Listen to part of a lecture in a zoology class.
The snake is one of the most feared creatures on our planet. It may seem strange, con-sidering that, compared to say, oh, car accidents and murders, snakes attack and kill very few people in the United States each year. There are perhaps fewer than ten deaths in any given year. So why are we afraid of them? Perhaps it’s the suddenness with which snakes can attack, by surprise, and their reptilian appearance. And, outside of the United States, snakes do kill a high number of people, sometimes up to 10,000 or more in India each year. Tigers and lions also kill, but they are cats and are furry and in zoos. Anyway, so they, um, I mean snakes, are to be feared. My main focus today is on snakes in general, what kind of snakes there are, and their major characteristics.
Most people distinguish between poisonous and non- poisonous snakes, and that’s a good place to begin. Excuse me. Let’s start right here in our own country. There are perhaps over 2,000 species of snakes, and most are nonpoisonous. Among the more common nonpoisonous snakes is the garter snake. In the United States, we have four poisonous snakes, rattlesnakes, copperheads, coral snakes, and cottonmouths. With the exception of Alaska and Hawaii, rattlesnakes can be found in every state. In fact, Hawaii has no snakes at all. So if you have a real phobia about snakes, I suggest you move to Hawaii. Well, at least for the sunshine. There are many species of rattlesnakes, but they all have the unique feature of a rattle at the end of their tails. It has many hard cartilage pieces that hit each other to produce the rattle sound. The rattlesnake is a member of the viper family of snakes, as are the copperhead and cottonmouth, which are mostly found in the Southeast. The coral snake has two types, the eastern and western, and is distinguished by the very colorful bands around its body.
Around the world, the deadliest snake is the cobra in its many variations. It is responsible for more deaths in Africa and India than any other snake. Some of them can even spit their venom at their intended victim. In Australia, there are nine of the ten most venomous snakes in the world. It is estimated that the taipan snake has enough venom in one bite to kill over 200,0 mice. South America also has its share of venomous snakes but is perhaps more famous for having the largest snake in the world, the anaconda, which is not poisonous. It’s still dangerous because it’s a member of the constrictor family like the python of Southeast Asia. Constrictors wrap their bodies around a victim and squeeze it to death.
Now, a snake does not chew its prey. It has lots of teeth, and there are those dangerous fangs on the poisonous ones, but it cannot chew its food. After it poisons, squeezes, or bites its prey to death, it has the unique ability to unhinge its jaw and swallow its prey whole. It may take several minutes, but then the prey is inside the belly. The belly will be distended, and the snake will not need to eat again for several days. There are even stories of them eating pigs and dogs whole. The snake’s digestive tract will absorb everything, flesh, organs, bones, and all. Birds and mice are a favorite prey of snakes. People are always wary when going to garbage dumps in Africa and India because cobras tend to hang around them and kill rats.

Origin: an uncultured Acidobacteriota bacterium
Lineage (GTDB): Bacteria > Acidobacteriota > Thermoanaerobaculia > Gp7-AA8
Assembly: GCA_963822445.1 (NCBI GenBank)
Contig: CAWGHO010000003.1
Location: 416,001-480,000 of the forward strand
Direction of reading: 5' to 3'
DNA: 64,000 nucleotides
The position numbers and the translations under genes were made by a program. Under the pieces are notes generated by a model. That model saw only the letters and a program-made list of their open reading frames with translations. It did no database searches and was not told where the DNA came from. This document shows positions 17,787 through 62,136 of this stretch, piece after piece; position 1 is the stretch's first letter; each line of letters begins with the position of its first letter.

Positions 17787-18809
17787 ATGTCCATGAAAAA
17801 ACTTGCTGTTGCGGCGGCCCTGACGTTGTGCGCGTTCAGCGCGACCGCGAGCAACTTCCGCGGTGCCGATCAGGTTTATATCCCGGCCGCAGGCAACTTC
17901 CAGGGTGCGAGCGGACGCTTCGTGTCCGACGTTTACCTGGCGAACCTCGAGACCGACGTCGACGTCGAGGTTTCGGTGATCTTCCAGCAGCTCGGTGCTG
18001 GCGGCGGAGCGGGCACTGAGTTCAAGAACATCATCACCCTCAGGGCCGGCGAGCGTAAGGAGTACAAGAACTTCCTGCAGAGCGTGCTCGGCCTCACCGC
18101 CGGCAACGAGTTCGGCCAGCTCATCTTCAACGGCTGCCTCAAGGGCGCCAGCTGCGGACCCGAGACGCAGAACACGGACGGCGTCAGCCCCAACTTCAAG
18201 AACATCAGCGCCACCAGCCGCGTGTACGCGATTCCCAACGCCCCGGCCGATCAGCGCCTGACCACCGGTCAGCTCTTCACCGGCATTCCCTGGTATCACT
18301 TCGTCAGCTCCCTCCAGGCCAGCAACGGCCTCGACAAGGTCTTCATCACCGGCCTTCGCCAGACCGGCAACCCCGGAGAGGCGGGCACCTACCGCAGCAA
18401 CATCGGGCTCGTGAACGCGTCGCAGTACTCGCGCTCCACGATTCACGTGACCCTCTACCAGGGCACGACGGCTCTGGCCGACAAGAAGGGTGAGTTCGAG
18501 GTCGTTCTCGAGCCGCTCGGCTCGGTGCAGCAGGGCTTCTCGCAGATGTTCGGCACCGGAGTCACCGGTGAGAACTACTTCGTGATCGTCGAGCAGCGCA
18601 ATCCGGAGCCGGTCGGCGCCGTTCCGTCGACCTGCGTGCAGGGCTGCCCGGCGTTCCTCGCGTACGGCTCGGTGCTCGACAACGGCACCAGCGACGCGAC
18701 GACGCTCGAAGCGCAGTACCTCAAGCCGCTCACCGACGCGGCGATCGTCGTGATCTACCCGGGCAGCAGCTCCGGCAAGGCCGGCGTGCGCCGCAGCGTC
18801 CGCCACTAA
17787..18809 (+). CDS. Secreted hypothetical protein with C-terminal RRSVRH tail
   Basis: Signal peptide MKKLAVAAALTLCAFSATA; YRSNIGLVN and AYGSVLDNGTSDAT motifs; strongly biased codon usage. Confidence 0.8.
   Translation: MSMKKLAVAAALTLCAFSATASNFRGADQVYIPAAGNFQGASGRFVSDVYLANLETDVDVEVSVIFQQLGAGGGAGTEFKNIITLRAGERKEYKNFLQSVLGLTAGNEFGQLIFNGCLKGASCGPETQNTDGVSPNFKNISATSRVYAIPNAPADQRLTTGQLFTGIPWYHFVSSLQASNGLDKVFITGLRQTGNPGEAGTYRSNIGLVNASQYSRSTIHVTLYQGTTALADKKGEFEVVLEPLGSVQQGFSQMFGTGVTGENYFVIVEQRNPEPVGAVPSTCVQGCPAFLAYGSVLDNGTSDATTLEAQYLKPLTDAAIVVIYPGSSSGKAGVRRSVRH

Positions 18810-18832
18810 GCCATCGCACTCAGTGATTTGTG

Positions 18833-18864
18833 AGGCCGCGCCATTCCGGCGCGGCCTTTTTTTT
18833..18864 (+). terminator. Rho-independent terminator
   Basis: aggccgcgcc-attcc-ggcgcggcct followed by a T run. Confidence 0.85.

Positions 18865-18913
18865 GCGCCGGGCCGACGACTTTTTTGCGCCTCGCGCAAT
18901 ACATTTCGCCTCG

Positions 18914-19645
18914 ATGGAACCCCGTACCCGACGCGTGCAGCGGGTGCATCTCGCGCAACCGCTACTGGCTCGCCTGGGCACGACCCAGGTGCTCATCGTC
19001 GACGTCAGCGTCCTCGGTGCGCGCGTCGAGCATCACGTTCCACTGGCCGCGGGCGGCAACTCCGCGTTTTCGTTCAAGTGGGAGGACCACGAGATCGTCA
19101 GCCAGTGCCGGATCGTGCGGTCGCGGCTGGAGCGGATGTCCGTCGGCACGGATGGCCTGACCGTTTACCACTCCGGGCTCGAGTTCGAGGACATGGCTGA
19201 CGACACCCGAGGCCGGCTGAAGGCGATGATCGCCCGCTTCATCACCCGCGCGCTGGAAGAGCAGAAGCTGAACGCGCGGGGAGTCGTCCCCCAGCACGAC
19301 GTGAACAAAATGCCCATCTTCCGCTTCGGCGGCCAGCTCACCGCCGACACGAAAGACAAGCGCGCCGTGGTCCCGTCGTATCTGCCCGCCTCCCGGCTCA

The snake is a cold-blooded animal, which means its body has no internal mechanism for adjusting its tem-perature, like humans and other mammals. The snake, like many reptiles, is influenced by the external temperature, meaning its body’s temperature. I mean, when it’s cold outside, the snake will be just as cold. This is a big reason why you don’t see snakes in very cold places. Heat doesn’t seem to affect them as much as cold, but even in the desert areas of the world, snakes will be near shade most of the time and also near sources of water. Rocky areas are a favorite hiding place as well as inside dead trees. Be careful when hiking anywhere, and never stick your hand into a dark opening without shining a flashlight first to make sure it’s empty.
Another characteristic of snakes is that they shed their skins. As they grow, they get bigger, and their outer layer of skin peels away from their bodies. The snake accomplishes this by rubbing against an object like a rock or tree. Some anacondas have grown over fifty feet long, but most snakes are in the one to ten foot range. Some of the smallest snakes are the most lethal, so don’t let size fool you.
Listen to part of a lecture in a history class.